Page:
Prophylaxis for chloroquine resistant malaria

Discussion in 'Hydroxychloroquine 200mg' started by doni, 05-Mar-2020.

  1. Aleksey_Tim Well-Known Member

    Prophylaxis for chloroquine resistant malaria


    -Suppressive therapy should continue for 8 weeks after leaving the endemic area. Approved indication: For the suppressive treatment of malaria due to Plasmodium vivax, P malariae, P ovale, and susceptible strains of P falciparum CDC Recommendations: 300 mg base (500 mg salt) orally once a week Comments: -For prophylaxis only in areas with chloroquine-sensitive malaria -Prophylaxis should start 1 to 2 weeks before travel to malarious areas; should continue weekly (same day each week) while in malarious areas and for 4 weeks after leaving such areas.

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    For travel to areas where chloroquine resistance is present, mefloquine is the only medication recommended for malaria prophylaxis during pregnancy. Studies of mefloquine use during pregnancy have found no indication of adverse effects on the fetus. Experts are evaluating the safety of atovaquone-proguanil use during pregnancy. In areas where there is chloroquine-resistant malaria, either atovaquone/proguanil Malarone, mefloquine Lariam or doxycycline can be used for prophylaxis. Primaquine is a good alternative, but requires a G-6-PD screening blood test. High prevalence of chloroquine-resistant P. vivax confirmed in Papua New Guinea and Indonesia; 115 143 also reported in Burma Myanmar, India, and Central and South America. 143. Do not use for prevention of malaria in individuals traveling to malarious areas where chloroquine-resistant P. falciparum or chloroquine-resistant P. vivax malaria.

    Approved indication: For acute attacks of malaria due to P vivax, P malariae, P ovale, and susceptible strains of P falciparum CDC Recommendations: Chloroquine-sensitive uncomplicated malaria (Plasmodium species or species not identified): 600 mg base (1 g salt) orally at once, followed by 300 mg base (500 mg salt) orally at 6, 24, and 48 hours Total dose: 1.5 g base (2.5 g salt) Comments: -For the treatment of uncomplicated malaria due to chloroquine-sensitive P vivax or P ovale, concomitant treatment with primaquine phosphate is recommended. 60 kg or more: 1 g chloroquine phosphate (600 mg base) orally as an initial dose, followed by 500 mg chloroquine phosphate (300 mg base) orally after 6 to 8 hours, then 500 mg chloroquine phosphate (300 mg base) orally once a day on the next 2 consecutive days Total dose: 2.5 g chloroquine phosphate (1.5 g base) in 3 days Less than 60 kg: First dose: 16.7 mg chloroquine phosphate/kg (10 mg base/kg) orally Second dose (6 hours after first dose): 8.3 mg chloroquine phosphate/kg (5 mg base/kg) orally Third dose (24 hours after first dose): 8.3 mg chloroquine phosphate/kg (5 mg base/kg) orally Fourth dose (36 hours after first dose): 8.3 mg chloroquine phosphate/kg (5 mg base/kg) orally Total dose: 41.7 mg chloroquine phosphate/kg (25 mg base/kg) in 3 days Comments: -Concomitant therapy with an 8-aminoquinoline compound is necessary for radical cure of malaria due to P vivax and P malariae.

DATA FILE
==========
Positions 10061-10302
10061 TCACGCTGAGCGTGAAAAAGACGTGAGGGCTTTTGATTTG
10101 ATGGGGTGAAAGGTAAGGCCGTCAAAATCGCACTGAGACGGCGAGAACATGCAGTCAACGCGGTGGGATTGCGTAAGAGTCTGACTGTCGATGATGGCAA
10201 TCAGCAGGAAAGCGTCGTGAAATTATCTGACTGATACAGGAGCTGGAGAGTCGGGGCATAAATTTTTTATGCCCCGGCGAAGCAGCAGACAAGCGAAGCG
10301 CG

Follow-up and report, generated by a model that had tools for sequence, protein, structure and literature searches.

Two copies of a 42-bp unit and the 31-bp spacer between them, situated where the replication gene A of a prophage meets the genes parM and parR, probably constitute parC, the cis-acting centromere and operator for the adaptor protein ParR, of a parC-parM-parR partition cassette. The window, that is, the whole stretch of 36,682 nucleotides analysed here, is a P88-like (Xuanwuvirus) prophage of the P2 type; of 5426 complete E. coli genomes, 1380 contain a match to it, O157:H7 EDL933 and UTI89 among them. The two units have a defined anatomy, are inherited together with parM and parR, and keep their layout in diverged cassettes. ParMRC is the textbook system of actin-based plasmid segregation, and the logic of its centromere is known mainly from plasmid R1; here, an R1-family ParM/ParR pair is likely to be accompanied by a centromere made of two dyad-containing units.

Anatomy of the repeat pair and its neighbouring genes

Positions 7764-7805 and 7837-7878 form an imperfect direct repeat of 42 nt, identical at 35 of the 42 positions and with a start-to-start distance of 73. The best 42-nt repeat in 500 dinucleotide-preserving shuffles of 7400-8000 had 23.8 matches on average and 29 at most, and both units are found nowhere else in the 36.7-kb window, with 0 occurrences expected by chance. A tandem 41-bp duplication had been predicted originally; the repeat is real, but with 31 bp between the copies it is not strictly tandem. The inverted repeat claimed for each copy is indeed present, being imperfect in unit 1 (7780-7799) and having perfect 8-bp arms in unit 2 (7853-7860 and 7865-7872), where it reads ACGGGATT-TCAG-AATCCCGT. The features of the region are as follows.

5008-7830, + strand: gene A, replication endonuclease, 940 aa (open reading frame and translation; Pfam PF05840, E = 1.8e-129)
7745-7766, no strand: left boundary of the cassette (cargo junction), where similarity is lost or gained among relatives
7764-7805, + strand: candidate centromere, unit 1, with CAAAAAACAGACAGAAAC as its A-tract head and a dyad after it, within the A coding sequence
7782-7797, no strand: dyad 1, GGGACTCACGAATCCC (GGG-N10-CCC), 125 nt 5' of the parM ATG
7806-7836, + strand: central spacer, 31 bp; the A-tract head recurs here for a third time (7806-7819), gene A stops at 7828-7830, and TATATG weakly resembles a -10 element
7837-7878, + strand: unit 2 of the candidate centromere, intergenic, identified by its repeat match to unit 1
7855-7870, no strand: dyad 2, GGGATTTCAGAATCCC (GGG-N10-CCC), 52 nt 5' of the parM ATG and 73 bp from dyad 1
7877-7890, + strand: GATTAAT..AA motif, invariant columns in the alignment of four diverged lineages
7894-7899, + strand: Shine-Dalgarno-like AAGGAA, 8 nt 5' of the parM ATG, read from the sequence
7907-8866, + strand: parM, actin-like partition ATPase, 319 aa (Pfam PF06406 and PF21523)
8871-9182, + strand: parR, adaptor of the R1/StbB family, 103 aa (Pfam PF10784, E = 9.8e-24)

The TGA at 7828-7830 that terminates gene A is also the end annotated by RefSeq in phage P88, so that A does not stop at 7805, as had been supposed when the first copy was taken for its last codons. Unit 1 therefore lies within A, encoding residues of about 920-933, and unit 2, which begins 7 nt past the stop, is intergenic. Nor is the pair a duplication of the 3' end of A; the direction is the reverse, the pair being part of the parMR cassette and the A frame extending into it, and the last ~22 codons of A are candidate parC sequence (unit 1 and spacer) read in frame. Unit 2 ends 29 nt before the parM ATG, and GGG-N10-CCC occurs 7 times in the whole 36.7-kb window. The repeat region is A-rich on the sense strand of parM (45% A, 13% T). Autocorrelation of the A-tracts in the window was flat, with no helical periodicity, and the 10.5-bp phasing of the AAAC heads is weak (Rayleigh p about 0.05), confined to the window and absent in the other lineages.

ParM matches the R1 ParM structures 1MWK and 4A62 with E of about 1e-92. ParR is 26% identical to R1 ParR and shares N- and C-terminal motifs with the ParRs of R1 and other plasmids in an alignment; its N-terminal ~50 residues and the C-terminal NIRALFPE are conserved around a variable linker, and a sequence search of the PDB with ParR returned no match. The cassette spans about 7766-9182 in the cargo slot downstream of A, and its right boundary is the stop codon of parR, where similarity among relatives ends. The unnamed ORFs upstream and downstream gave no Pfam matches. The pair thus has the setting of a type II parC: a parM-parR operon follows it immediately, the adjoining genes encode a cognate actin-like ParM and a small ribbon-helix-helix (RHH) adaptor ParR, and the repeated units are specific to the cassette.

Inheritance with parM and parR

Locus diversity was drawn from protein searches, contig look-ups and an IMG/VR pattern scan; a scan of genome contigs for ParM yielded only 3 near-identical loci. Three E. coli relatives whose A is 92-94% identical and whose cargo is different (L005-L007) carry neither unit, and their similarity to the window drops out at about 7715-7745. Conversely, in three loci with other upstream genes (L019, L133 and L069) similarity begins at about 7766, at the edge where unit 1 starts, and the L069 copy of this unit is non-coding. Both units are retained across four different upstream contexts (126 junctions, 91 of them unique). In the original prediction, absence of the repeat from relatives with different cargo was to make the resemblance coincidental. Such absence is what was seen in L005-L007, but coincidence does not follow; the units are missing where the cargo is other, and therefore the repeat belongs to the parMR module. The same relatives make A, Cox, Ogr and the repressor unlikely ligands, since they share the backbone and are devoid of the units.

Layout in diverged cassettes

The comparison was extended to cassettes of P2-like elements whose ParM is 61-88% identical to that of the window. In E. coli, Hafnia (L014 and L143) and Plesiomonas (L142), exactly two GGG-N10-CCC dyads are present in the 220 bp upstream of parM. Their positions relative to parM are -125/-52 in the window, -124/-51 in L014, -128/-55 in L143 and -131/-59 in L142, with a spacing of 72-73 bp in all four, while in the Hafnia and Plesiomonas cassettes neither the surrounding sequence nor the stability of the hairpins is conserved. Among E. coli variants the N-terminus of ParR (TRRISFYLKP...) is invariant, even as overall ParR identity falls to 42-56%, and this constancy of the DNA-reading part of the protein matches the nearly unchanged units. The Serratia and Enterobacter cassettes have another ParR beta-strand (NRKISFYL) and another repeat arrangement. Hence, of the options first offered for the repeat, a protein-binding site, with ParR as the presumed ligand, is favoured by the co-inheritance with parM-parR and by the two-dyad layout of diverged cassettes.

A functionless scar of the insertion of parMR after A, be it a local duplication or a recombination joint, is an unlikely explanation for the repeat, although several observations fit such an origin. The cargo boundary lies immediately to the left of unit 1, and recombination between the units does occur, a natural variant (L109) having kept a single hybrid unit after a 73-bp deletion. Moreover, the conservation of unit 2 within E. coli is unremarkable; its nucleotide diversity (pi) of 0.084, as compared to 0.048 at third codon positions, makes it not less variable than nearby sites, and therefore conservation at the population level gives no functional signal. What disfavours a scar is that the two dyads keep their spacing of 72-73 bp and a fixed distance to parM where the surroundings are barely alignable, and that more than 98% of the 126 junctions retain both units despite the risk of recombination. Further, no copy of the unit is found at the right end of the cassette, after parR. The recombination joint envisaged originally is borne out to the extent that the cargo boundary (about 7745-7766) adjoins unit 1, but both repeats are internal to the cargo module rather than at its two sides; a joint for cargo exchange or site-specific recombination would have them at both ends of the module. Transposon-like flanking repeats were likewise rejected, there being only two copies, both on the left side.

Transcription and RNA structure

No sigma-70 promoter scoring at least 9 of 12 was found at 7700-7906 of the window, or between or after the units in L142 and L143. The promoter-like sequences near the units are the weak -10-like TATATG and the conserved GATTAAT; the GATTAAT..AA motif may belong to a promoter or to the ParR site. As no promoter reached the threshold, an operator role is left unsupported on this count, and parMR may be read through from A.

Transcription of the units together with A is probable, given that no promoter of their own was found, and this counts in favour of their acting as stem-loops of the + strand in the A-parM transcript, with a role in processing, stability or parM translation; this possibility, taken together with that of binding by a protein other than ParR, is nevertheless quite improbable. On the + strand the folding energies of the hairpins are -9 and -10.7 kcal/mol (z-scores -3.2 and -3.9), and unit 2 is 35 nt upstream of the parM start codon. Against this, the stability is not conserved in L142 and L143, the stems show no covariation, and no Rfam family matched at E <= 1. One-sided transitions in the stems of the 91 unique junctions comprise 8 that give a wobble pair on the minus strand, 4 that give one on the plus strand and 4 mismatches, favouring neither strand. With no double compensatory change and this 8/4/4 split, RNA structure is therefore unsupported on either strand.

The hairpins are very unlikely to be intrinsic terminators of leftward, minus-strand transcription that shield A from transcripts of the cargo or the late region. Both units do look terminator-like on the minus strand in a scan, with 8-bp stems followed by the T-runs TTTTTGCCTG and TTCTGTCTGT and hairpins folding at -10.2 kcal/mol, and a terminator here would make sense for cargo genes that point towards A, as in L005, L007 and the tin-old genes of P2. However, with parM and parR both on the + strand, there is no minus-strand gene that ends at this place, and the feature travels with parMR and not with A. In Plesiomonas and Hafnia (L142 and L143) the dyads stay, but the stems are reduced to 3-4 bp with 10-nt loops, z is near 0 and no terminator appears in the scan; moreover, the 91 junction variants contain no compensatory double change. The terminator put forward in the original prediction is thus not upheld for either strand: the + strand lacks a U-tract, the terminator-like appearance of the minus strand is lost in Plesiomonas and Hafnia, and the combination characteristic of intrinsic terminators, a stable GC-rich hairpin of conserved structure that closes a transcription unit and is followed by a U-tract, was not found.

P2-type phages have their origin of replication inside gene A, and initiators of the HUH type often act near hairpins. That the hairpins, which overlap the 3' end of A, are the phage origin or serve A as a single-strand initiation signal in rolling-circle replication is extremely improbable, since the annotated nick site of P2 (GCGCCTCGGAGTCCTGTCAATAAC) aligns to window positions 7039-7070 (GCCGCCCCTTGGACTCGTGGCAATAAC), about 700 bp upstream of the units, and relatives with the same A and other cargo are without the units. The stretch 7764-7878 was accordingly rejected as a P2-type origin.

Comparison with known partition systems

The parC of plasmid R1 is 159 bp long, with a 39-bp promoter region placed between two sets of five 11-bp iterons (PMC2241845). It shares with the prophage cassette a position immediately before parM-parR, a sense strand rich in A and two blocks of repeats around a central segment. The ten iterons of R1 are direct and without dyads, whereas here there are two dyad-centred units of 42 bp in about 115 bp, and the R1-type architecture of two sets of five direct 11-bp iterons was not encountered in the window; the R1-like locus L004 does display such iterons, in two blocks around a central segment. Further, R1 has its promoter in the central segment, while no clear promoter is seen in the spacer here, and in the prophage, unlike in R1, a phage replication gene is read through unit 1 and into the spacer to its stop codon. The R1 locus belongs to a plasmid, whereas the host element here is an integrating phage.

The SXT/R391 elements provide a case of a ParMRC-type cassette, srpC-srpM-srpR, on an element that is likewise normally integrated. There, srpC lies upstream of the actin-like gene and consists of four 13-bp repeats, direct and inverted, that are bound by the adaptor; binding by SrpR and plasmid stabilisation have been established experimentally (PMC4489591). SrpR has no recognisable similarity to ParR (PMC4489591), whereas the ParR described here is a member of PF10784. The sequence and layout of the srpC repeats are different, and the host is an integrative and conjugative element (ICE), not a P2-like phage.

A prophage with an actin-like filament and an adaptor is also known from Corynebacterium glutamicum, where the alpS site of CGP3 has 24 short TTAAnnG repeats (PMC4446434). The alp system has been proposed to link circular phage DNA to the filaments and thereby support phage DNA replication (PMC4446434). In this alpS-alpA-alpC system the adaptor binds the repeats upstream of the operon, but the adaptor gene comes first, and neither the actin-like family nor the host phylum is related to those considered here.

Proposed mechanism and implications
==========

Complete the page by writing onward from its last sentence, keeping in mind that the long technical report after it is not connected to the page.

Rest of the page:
Prophylaxis for chloroquine resistant malaria

    Chloroquine-Resistant Malaria –, Malaria Travel & Health Guide, 2019 Online Book

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  6. Chloroquine is an aminoquinoline used for the prevention and therapy of malaria. It is also effective in extraintestinal amebiasis and as an antiinflammatory agent for therapy of rheumatoid arthritis and lupus erythematosus. Chloroquine is not associated with serum enzyme elevations and is an extremely rare cause of clinically apparent acute liver injury.

    • Chloroquine - LiverTox - NCBI Bookshelf.
    • Plaquenil Monograph for Professionals -.
    • Malaria Information and Prophylaxis, by Country S - CDC.

    Considerations when choosing a drug for malaria prophylaxis Recommendations for drugs to prevent malaria differ by country of travel and can be found in Malaria Information by Country. Recommended drugs for each country are listed in alphabetical order and have comparable efficacy in that country. Apr 15, 2002 Chloroquine is the drug of choice for people who travel to these areas; however, resistance to chloroquine is now widespread in all areas of the world where malaria is endemic, but it is still an. Chloroquine, an old malaria drug, may help treat novel coronavirus, doctors say Chloroquine, or hydroxychloroquine, has been used to treat malaria since 1944.

     
  7. Scorb Moderator

    Hydroxychloroquine (Plaquenil) is considered a disease-modifying anti-rheumatic drug (DMARD). Immune & Autoimmune - Lupus Plaquenil - when to take the. Hydroxychloroquine Plaquenil Success, Reviews and Side Effects Hydroxychloroquine Oral Uses, Side Effects, Interactions.
     
  8. akininsp Guest

    Haemozoin is a disposal product formed from the digestion of blood by some blood-feeding parasites. Hemozoin production by Plasmodium falciparum variation with. Malarial hemozoin from target to tool. Semantic Scholar Hemozoin production by Plasmodium falciparum variation.
     
  9. SAPE Moderator

    Chloroquine and/or Proguanil - Fit for Travel Chloroquine and/or Proguanil A - Be Aware When There is a Risk However Small. Find out if there is a malaria risk in the area you are visiting. Aspects of travel may increase the risk e.g. rural travel, rainy season or unscreened accommodation.

    CHLOROQUINE Drug BNF content published by NICE
     
  10. yurist Moderator

    Levofloxacin - Wikipedia Levofloxacin, sold under the trade names Levaquin among others, is an antibiotic. It is used to treat a number of bacterial infections including acute bacterial sinusitis, pneumonia, H. pylori in combination with other medications, urinary tract infections, chronic prostatitis, and some types of gastroenteritis.

    A Coronavirus Question Chloroquine After Fluoroquinolones.